If you've ever taken a prenatal class with me you know that I am a huge advocate of informed choice. I strongly believe that an educated birth is an empowered birth.
I often refer to the acronym BRAIN as a metric to assess your birth choices:
B-What are the BENEFITS?
R-What are the RISKS?
A- Are there ALTERNATIVES?
I -Use your INTUITION
N- What would happen if I do NOTHING?
Well, one of the more major choices you will need to make when getting ready to bring your baby into the world is whether or not to have a medicated birth. And, in particular, whether or not to have an epidural. Currently in Canada, about 60% of women choose to have an epidural. With so many women opting for an epidural you might assume that epidurals are completely benign. Well, you would be wrong.
Let's start with a simple description of an epidural. An epidural is without a doubt an effective method of pain relief. The actual anesthesia is most commonly a combination of a narcotic, (usually an opioid like fentanyl), and a local anesthetic that will numb the nerves in the uterus and cervix, but will also numb the entire lower part of your body.
Generally, there are two different types of epidurals: a standard epidural and a “walking” epidural. Now, a “walking” epidural is really a misnomer. The reality is that you will likely be confined to your bed, but it will allow for more freedom to move in bed. The primary advantage of a walking epidural is that you will be able to participate more actively in the 2nd stage of labour “the pushing stage”.The primary disadvantage of a walking epidural is that it doesn’t provide as much pain relief.
How and when is an epidural administered? Typically the epidural will be given when your cervix is dilated to 4-5 centimetres. An anesthesiologist will ask you to either sit up in bed or lay on your side and will then inject a local anesthesia into your lower back to numb the area. Then a very thin catheter is placed into the space surrounding the spinal nerves. The medication will then be delivered through the catheter.
What are the Benefits? Quite simply the key advantage of an epidural is that it will reduce or eliminate the pain of childbirth. As Penny Simkin, childbirth educator and author of the best selling book,:The Birth Partner, makes clear, "When it comes to coping with childbirth, there is a difference between pain and suffering." There is no way to sugarcoat it...childbirth is painful. That said, there is no need to suffer. If you are coping well with each contraction, you may not want an epidural; however, if your pain crosses the threshold to suffering you may want to consider an epidural-especially if you’ve been labouring for a long time. An epidural will allow you to rest and relax and may improve your overall satisfaction with your birth experience.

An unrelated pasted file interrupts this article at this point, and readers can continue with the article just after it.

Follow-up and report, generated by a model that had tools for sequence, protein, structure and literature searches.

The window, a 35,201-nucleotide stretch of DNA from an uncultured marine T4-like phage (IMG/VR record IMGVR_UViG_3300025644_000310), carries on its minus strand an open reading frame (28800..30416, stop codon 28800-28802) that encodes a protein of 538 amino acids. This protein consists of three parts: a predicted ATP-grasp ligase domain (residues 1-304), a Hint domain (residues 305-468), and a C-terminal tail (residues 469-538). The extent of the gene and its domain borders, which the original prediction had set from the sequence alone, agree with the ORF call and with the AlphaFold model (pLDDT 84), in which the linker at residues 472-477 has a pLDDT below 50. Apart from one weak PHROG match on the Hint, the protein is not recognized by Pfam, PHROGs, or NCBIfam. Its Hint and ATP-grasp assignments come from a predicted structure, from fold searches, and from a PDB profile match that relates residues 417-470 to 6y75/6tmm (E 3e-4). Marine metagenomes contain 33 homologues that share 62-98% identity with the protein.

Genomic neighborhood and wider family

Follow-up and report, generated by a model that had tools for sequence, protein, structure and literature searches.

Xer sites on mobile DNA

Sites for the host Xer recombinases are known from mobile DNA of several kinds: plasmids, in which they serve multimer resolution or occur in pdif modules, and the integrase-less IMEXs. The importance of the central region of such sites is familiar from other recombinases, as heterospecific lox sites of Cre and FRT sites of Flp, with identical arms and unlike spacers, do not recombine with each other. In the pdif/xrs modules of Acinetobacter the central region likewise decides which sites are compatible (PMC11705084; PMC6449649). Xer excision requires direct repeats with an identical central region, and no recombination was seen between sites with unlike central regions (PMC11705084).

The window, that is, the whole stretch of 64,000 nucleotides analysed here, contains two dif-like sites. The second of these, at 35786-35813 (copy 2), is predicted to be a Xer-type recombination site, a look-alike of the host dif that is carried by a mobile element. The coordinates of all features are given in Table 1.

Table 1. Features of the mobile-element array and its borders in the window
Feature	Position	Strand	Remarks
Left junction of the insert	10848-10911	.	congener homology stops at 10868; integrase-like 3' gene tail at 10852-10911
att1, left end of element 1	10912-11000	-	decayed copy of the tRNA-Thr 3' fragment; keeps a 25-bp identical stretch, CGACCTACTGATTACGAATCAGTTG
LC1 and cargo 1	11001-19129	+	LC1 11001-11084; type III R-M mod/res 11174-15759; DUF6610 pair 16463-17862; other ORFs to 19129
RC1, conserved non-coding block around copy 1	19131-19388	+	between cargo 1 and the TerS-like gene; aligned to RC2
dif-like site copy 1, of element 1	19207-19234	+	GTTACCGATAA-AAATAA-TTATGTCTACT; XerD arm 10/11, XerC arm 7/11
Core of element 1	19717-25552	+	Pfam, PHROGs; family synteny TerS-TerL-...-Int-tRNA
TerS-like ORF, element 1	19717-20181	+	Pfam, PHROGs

Now, what are the Risks or Side Effects? Some women experience fevers, headaches, backaches, nausea and difficulty urinating. In rare cases, an epidural can trigger a seizure or cause temporary or permanent nerve damage.
An epidural may cause your blood pressure to suddenly drop, which may inhibit adequate blood flow to your baby, requiring further medical interventions.
Depending on the type of epidural you choose, the 2nd stage of labour, the "pushing stage", may be difficult and additional interventions such as forceps or vacuum extraction may be needed and in certain cases a caesarean section may be necessary.
An epidural often causes your labour to slow down which will likely lead to a cascade of other medical interventions to augment or speed up your labour.
An epidural WILL absolutely interfere with the production of the natural birthing hormones. For more information on the natural birthing hormones I would highly recommend reading Dr. Sarah J. Buckley’s book, Gentle Birth Gentle Mothering.
And, lastly, you may be wondering if an epidural can effect your baby. Well, although the research is ambiguous, most studies suggest that while in-utero, your baby might become lethargic and have trouble getting into position for delivery. Additionally, epidurals have been known to cause respiratory depression and decreased fetal heart rate. And, lastly, studies suggest that epidurals may have an effect on how well your baby is able to breastfeed.
Are there alternatives to having an epidural? Absolutely! Yes, there are many medical and natural alternatives. I will have to write another post on the alternatives soon:)
So, most importantly, trust your Intuition and know that the choice whether or not to have an epidural is yours and yours alone to make.
From my heart to yours,